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Thread: Unsung Heroes

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    International Coach Barney Rubble's Avatar
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    Unsung Heroes

    As someone who watches a decent amount of domestic cricket, certainly in England, I often find that there are a lot of players who get nowhere near the credit they deserve for their efforts. These aren't always the most talented players - most of them never reach international level - but they're always there to do whatever job is necessary, whenever their team needs it. This is a chance for fans of domestic (or international) teams around the world to give a "shout out" of sorts to a player who doesn't get the praise they should do. It doesn't even have to be a player the rest of us have heard of - most unsung heroes never get recognition outside their own country or even county/state side.

    I'm going to start by nominating Somerset's Keith Parsons. "The original KP" as we like to call him, he's your bog-standard batting all-rounder in his mid-thirties, and is always good for a rapid 20-30 at the end of a one-day innings from no6, or for rescuing the side from a dire situation with his experience and know-how. I've watched him orchestrate many a run-chase at Taunton, and I've also seen him save us from 40-odd for 4 with a brilliant 90. He's good for a few overs with the ball, too, and has a knack of coming up with wickets just when his team needs them most. He's a good fielder, and can always be relied upon to be a committed team player and help out his captain, even though he has rarely been entrusted with the reins himself, due to his quiet and unassuming nature. If international sides were picked solely on grounds of commitment, he'd be in the England squad in a flash. He's a big part of the reason Somerset's young players are now beginning to flourish.

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    International Vice-Captain Anna's Avatar
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    Good call! I'd say Jamie Cox. Can't be bothered to go through my reasons because I'm hungry & off to scrape something together for dinner

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    State Captain Chubb's Avatar
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    Ray Price

    The guy's a legend. He was born two months prematurely, in a country which was not really equipped to handle that kind of thing; he caught meningitis when he was less than a year old, was given a one in five chance of survival. Although he survived, he was left totally deaf, which wasn't realised until he was at nursery school. He then had an operation to correct his hearing, which left his balance and coordination totally mucked up. He had to learn to walk again, and had to spend hours practicising catching and things in the garden. Consequently, he was well behind his peers at school.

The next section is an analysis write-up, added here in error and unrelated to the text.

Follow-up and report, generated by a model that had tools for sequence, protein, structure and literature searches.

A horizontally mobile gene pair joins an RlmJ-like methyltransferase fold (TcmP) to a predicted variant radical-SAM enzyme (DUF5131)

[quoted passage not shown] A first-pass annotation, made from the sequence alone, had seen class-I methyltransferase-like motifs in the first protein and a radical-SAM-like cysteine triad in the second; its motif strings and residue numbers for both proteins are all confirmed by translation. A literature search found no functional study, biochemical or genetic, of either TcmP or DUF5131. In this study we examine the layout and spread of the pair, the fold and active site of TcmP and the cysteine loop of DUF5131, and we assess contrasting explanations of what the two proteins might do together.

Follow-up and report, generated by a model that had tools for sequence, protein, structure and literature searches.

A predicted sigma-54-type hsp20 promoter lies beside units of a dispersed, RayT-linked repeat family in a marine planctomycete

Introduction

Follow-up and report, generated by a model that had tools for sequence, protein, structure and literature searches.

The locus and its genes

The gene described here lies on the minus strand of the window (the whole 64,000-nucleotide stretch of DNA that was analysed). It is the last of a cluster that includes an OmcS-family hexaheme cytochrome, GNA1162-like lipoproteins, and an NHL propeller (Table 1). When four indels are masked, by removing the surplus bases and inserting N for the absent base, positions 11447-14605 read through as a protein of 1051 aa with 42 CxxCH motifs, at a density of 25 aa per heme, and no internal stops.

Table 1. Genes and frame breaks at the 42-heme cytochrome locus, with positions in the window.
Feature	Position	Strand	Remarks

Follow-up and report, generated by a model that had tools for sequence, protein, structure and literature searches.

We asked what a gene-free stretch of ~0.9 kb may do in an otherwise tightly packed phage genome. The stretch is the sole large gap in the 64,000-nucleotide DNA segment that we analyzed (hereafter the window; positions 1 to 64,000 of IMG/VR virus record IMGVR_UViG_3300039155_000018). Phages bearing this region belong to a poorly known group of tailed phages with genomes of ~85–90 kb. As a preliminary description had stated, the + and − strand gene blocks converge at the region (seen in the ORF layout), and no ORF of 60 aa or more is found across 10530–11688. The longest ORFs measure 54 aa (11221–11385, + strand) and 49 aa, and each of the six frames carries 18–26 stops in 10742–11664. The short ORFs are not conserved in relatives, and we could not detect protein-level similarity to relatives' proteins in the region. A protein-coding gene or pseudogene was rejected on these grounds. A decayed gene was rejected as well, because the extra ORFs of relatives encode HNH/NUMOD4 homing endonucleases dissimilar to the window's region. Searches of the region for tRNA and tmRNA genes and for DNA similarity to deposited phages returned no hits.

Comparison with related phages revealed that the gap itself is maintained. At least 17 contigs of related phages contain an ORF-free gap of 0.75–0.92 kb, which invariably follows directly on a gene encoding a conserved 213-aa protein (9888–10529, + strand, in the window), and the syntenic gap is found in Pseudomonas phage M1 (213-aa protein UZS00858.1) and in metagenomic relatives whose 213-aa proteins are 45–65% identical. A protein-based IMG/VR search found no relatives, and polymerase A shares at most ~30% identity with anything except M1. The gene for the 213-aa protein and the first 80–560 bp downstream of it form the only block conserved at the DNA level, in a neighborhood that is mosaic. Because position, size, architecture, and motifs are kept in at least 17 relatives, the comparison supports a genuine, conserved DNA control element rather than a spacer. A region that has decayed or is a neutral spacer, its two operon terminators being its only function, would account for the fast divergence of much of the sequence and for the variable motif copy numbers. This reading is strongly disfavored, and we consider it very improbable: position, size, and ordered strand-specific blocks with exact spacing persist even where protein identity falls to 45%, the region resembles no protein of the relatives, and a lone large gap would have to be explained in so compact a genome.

Yet he became, in my biased opinion, the best spinner in the world. It isn't just his skill, which is undoubted; he bowls a tight line, turns it and flights it aggresively. It was his bad luck. he had the misfortune to play for Zimbabwe, when he could have demanded a place in most international sides. He never had any luck on the pitch, as far as I could see; dropped catches, bad decisions, unplayable deliveries that just missed the edge, it all seemed to happen to him.

    Ray's ultimate piece of bad luck came against West Indies in 2003. He had bowled brilliantly all match, taking 6-77 and 4-88, reducing WI to nine down with half an hour left, only to be denied by Ridley Jacobs and Fidel Edwards as bad light stopped play. Had it not rained, even more, had a ball not been rolled into the pitch in a freak accident, then Zimbabwe would have won like they deserved to. John Ward, the veteran Zimbok cricket writer, said that Zimbabwe "were left to reflect on the cruel injustice of living in a country where nothing ever seems to go right.", which sums it up really. Of course, the player rebellion soon ended that little Zimbabwean renaissance, which is another piece of absolutely terrible luck.

    I wish after that he had signed for Essex, or even Somerset, but alas Worcestershire got him first. He's the obvious solution to England's spin problem, and the fact is the selectors probably don't realise it. He'll be qualified in two years. I for one would like to see R.W. Price down to bat 11 against Australia in 2009. I find him an inspirational figure.
    Last edited by Chubb; 11-12-2005 at 12:40 PM.

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    State Captain chooka_nick's Avatar
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    Quote Originally Posted by Chubb
    Ray Price

    The guy's a legend. He was born two months prematurely, in a country which was not really equipped to handle that kind of thing; he caught meningitis when he was less than a year old, was given a one in five chance of survival. Although he survived, he was left totally deaf, which wasn't realised until he was at nursery school. He then had an operation to correct his hearing, which left his balance and coordination totally mucked up. He had to learn to walk again, and had to spend hours practicising catching and things in the garden. Consequently, he was well behind his peers at school.